Re: Generic battery interface

From: Vojtech Pavlik
Date: Sat Jul 29 2006 - 08:03:09 EST

On Sat, Jul 29, 2006 at 02:32:02PM +0300, Shem Multinymous wrote:
> On 7/29/06, Vojtech Pavlik <vojtech@xxxxxxx> wrote:
> >I think we're hitting a fundamental problem with sysfs/hotplug/udev
> >here. It was created to get fixed, non-changing names of devices in
> >/dev, so that they'd be easy to enter into configuration files.
> >
> >Yet applications today want automatic discovery of devices and don't
> >want to rely on udev getting the names right.
> >
> >We should make our minds up, and decide whether we want the 'devices are
> >in /dev and applications just need to open the filename' or the 'an
> >application will find the device itself' approach.
> I think what people want from device choice is a reasonable default
> plus a convenient way to override things. The former is handled nicely
> by distributions' udev rules, while the latter is best done by
> providing fixed paths. As an end-user, if I know my favorite joystick
> is on a specific USB port (hence a specific syfs directory), then I
> want to tell neverball "use that one" without setting up nasty udev
> rules or playing major:minor matchup. Yes, that's bypassing the Proper
> Udevian Way of Doing Things, but it's so much easier and Unix-like
> that we really should make it possible (though not by default!).

IMO the right way here would be to have a nice GUI for configuring udev
included with the distro, that'd let you browse the sysfs tree and
point'n'click to create the rule you need.

> Security issues aside (for a moment):
> Is there any reason not to provide real device inodes on sysfs,
> instead of just a textual /sys/foo/dev? And then, maybe udev should
> symlink to those device files under /sys instead of creating its own?
> This would tie the two systems together rather elegantly.

The reason behind this was to force people NOT use sysfs directly when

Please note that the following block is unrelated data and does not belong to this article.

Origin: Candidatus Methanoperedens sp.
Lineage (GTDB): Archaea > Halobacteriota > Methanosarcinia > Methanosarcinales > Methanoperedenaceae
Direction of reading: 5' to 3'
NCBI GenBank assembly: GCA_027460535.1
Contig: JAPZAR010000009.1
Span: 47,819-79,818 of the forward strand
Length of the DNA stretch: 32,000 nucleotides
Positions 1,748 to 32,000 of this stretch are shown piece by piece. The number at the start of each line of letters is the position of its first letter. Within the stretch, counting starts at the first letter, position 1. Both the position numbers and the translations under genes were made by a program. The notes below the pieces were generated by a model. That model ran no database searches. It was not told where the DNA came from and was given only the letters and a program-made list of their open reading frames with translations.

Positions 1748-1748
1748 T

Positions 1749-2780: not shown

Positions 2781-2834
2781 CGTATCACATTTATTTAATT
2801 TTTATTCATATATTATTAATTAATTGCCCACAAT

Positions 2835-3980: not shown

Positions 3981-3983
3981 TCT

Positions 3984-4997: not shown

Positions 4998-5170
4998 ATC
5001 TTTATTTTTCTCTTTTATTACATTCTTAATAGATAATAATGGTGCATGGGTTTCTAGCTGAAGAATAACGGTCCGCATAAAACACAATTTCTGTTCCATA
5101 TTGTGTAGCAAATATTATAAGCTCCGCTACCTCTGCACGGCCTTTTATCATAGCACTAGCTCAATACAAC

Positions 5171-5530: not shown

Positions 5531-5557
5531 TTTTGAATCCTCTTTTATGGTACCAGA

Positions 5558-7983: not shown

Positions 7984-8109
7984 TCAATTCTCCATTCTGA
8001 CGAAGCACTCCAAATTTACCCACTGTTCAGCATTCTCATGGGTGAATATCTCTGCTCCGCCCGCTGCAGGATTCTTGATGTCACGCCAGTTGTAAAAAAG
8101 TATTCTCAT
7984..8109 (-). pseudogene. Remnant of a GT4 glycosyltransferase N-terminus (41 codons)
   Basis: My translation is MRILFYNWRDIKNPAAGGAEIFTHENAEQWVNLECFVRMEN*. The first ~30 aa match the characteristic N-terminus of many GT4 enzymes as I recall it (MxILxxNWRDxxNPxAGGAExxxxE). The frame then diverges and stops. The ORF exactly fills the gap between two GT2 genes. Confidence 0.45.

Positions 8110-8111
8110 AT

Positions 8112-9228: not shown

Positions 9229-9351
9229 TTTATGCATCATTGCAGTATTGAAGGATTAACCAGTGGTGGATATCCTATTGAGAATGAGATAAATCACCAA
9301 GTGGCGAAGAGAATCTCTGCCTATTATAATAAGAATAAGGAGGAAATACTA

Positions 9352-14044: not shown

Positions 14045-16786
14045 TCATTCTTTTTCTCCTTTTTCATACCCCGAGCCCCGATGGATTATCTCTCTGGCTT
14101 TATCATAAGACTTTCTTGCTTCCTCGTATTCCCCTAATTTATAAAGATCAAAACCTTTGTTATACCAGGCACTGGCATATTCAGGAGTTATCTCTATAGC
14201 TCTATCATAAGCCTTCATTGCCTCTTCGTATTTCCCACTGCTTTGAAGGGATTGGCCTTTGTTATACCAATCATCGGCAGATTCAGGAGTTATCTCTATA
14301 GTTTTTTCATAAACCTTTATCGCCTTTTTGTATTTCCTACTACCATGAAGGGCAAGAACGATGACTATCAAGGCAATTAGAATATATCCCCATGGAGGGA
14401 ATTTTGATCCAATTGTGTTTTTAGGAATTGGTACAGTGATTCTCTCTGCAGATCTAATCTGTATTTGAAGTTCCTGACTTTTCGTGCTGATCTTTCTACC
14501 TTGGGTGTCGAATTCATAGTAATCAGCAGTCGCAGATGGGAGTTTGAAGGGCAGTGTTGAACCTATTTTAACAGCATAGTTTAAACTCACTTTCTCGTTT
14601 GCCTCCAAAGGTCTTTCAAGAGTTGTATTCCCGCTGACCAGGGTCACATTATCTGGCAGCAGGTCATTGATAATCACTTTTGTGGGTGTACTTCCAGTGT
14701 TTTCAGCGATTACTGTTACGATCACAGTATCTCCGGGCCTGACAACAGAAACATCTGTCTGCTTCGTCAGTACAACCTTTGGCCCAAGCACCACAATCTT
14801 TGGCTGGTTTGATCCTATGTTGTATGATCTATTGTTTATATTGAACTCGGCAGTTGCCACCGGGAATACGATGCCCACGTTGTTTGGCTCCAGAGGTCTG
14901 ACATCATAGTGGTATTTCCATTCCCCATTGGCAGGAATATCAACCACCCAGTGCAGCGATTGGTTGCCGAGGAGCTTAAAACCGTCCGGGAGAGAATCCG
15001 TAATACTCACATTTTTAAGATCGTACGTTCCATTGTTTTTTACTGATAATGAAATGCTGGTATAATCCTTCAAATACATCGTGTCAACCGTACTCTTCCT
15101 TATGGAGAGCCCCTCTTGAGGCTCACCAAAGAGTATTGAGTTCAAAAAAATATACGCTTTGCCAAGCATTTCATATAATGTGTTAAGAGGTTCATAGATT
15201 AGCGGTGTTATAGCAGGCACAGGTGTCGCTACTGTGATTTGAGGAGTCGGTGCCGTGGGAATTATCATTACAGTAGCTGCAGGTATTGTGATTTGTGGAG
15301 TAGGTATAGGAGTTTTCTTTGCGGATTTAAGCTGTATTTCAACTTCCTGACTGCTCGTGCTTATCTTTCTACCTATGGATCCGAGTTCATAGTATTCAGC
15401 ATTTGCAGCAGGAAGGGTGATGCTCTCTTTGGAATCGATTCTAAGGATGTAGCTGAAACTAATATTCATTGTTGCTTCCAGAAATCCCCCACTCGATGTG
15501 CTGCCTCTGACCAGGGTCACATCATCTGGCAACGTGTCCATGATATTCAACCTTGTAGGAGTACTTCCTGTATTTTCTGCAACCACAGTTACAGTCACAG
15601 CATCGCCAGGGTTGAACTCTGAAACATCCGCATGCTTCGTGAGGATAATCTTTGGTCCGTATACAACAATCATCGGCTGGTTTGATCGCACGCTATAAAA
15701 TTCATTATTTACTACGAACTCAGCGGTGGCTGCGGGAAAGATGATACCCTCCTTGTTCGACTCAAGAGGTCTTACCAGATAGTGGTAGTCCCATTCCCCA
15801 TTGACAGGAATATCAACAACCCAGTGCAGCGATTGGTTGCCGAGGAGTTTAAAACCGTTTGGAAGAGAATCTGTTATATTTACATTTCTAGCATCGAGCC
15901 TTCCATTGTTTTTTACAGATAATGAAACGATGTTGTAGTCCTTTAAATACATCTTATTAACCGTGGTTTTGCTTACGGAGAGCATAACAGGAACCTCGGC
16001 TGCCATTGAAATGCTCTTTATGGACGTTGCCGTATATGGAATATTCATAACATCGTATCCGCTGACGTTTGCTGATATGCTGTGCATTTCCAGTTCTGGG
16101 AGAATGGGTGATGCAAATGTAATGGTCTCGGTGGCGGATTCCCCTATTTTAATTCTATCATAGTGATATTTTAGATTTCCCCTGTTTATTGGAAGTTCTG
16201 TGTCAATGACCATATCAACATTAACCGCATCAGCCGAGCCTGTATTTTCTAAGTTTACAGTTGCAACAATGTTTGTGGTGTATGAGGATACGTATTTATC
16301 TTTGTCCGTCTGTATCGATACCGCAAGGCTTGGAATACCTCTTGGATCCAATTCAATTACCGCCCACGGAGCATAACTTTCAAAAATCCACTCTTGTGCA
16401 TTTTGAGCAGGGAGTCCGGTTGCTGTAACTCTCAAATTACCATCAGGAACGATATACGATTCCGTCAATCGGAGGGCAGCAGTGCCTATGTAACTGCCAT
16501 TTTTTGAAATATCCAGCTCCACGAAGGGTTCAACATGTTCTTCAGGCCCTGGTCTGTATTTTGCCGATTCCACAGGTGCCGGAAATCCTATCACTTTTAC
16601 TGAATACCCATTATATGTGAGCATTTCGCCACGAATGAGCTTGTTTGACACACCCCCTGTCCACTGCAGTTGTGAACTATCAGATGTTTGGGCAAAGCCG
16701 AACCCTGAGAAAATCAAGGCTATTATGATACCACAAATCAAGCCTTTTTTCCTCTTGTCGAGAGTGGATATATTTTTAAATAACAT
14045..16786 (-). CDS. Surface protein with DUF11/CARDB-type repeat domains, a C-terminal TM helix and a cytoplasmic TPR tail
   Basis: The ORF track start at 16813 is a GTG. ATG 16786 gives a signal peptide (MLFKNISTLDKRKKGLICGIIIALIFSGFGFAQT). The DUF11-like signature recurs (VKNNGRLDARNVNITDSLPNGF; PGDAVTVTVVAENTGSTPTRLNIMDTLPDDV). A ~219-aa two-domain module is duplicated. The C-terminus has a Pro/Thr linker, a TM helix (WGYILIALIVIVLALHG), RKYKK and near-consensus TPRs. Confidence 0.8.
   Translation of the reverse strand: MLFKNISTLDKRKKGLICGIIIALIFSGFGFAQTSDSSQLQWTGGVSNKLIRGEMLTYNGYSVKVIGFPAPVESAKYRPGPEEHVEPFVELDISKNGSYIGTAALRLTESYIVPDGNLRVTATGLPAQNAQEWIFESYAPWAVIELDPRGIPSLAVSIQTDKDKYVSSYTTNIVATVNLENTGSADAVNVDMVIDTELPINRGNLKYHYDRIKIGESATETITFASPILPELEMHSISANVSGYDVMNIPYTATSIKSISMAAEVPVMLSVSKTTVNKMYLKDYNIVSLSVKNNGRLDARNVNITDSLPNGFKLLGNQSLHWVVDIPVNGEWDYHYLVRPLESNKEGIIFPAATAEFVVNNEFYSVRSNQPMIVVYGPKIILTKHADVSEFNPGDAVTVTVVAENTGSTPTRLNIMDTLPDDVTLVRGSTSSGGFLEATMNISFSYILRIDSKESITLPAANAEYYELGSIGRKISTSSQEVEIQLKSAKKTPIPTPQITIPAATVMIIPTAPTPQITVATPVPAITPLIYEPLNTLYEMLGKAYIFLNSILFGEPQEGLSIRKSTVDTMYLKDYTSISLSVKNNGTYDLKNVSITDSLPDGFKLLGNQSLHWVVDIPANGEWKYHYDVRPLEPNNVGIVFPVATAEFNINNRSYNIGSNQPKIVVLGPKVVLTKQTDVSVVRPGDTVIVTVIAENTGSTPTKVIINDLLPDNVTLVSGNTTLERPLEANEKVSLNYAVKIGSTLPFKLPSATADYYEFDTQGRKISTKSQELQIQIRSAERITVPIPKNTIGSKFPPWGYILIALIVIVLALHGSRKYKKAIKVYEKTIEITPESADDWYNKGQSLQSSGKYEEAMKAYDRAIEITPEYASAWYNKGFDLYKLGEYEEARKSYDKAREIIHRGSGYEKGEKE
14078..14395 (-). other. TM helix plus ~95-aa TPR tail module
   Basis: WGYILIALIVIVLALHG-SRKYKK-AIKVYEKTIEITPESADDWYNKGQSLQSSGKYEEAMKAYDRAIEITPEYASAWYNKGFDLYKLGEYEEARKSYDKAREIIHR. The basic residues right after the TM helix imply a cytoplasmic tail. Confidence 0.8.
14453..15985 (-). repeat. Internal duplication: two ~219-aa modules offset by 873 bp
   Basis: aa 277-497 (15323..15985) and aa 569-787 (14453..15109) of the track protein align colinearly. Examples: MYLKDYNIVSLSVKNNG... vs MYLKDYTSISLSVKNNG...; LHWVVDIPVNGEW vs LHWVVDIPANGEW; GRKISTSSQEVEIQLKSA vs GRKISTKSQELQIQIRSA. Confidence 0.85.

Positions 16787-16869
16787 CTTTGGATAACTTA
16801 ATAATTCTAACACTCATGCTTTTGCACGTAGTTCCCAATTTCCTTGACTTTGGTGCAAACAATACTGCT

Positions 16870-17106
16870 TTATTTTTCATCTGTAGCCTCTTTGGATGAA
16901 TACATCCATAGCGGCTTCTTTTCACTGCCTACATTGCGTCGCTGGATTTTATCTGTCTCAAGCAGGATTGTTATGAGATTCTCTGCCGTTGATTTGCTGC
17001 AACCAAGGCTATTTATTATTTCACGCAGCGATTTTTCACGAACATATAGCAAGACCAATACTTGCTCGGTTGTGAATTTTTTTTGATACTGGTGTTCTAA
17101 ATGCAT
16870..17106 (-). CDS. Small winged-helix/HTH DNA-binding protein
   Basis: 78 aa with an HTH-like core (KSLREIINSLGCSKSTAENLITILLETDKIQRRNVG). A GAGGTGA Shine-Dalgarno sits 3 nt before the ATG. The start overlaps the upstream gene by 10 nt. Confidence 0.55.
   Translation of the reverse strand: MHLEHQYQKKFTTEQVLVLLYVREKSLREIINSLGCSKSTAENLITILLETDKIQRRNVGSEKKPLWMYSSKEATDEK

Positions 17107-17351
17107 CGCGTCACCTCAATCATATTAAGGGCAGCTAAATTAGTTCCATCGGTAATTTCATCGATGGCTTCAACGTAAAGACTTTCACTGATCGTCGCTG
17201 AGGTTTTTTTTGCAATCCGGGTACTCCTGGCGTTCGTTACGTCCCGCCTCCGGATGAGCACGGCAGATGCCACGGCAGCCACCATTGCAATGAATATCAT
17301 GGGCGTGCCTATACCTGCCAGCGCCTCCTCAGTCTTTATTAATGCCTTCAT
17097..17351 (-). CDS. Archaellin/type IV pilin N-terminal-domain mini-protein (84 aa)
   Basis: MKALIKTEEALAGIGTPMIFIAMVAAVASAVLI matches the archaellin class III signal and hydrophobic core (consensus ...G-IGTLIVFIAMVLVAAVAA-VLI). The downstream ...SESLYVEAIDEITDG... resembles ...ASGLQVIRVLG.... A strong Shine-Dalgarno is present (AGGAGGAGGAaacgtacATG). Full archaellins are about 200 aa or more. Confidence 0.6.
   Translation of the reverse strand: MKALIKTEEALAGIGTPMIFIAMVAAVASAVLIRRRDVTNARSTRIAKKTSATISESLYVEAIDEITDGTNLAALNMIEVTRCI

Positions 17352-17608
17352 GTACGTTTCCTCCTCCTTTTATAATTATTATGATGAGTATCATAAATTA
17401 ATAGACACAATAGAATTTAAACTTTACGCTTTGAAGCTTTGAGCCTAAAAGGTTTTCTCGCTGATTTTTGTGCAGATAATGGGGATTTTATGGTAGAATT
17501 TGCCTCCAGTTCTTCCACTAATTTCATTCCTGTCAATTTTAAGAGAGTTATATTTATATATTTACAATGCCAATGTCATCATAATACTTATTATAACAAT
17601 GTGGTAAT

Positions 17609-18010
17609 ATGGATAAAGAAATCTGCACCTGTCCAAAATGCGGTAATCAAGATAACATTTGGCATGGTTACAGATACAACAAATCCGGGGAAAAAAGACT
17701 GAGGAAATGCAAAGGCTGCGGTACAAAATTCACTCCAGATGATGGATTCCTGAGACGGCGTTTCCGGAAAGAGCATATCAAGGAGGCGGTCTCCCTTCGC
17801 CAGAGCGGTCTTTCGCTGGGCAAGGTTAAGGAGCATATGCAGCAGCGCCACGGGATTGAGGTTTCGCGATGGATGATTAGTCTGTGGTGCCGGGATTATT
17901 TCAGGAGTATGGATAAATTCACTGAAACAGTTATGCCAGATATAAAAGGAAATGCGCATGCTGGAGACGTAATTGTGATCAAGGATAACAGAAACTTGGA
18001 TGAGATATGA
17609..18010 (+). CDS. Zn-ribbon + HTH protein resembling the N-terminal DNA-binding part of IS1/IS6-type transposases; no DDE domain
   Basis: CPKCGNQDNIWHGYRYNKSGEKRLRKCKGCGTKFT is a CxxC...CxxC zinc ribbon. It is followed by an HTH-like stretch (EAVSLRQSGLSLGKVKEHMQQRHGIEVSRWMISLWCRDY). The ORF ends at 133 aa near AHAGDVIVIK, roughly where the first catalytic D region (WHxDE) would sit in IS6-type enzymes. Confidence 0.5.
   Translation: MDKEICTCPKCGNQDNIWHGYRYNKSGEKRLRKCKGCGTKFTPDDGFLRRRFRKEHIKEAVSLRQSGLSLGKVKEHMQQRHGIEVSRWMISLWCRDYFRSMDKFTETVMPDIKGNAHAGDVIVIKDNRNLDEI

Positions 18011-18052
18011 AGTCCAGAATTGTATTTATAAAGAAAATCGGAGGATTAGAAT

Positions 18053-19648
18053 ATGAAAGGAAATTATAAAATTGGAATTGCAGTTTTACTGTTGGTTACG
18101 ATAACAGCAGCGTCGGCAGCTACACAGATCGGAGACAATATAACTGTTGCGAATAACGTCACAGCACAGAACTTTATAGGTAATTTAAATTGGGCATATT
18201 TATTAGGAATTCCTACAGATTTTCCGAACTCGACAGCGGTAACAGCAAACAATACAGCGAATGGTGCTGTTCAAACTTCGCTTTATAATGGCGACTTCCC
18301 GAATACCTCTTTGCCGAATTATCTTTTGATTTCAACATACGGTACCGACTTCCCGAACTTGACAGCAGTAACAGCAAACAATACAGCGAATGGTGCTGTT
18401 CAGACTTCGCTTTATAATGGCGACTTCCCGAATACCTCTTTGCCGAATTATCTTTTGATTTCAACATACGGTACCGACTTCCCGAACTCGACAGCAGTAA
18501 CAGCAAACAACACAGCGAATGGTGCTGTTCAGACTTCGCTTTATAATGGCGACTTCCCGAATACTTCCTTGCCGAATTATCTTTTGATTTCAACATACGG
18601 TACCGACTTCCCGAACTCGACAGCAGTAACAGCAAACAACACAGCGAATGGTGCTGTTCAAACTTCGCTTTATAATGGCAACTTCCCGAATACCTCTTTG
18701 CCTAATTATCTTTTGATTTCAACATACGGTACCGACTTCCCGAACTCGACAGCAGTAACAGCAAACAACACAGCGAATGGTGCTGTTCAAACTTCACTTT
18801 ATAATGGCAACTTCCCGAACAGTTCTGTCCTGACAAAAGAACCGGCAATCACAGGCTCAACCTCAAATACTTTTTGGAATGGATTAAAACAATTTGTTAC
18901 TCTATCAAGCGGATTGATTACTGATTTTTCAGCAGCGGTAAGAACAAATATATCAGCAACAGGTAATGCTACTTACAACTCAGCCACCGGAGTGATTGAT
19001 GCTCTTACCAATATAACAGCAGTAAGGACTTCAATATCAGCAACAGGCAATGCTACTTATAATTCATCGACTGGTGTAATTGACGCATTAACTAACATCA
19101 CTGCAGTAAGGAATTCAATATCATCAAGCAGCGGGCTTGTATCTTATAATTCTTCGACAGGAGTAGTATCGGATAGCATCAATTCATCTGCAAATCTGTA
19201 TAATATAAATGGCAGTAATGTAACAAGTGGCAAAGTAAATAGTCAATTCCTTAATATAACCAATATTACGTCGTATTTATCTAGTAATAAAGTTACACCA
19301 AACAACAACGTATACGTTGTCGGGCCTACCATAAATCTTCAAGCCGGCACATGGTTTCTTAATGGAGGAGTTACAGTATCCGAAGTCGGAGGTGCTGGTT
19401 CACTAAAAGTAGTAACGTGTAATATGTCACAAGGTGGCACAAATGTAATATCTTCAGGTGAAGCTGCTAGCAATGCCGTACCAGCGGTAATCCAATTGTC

interfacing to the OS. ;)

Because sysfs wasn't intended to be an API you can rely on, one that's
fixed in stone and cannot be changed for compatibility reasons. I
believe it failed in that respect.

> >This reminds me very much of the Joerg Schilling discussion (flamewar)
> >of enumerating CD-burners. Most people on the kernel mailing list just
> >wanted to enter the name of the device node on the cdrecord command
> >line. Yet Joerg insisted that the application should do the discovery.
> I think there's a lot more to *that* flamewar - such as unwavering
> belief in generic scsi...

Sure. It was just one of the points raised there.

> >HDAPS, as explained above, doesn't have huge latency impact. The reason
> >to have high update rates for input devices (mice nowadays run at 100 Hz
> >refresh usually, gaming mice up to 1 kHz), is to not introduce
> >additional delay to the user->computer->user closed control loop.
> >
> >The less delay, the better stability of the control loop and the better
> >results in the game. The limiting factor is usually 3D rendering, but a
> >10 Hz joystick will still kill the experience by inducing a much larger
> >delay.
> Yes, I understand. I just pointed out that in the specific case of
> system accelerometer readouts, either the readouts change very slowly
> or your laptop is being rattled into an early death.

You want the frequent readouts even for slow changes of the direction of
gravity there, that's what I wanted to say.

> >Sort of a 'reverse select'.
> Exactly.

Vojtech Pavlik
Director SuSE Labs
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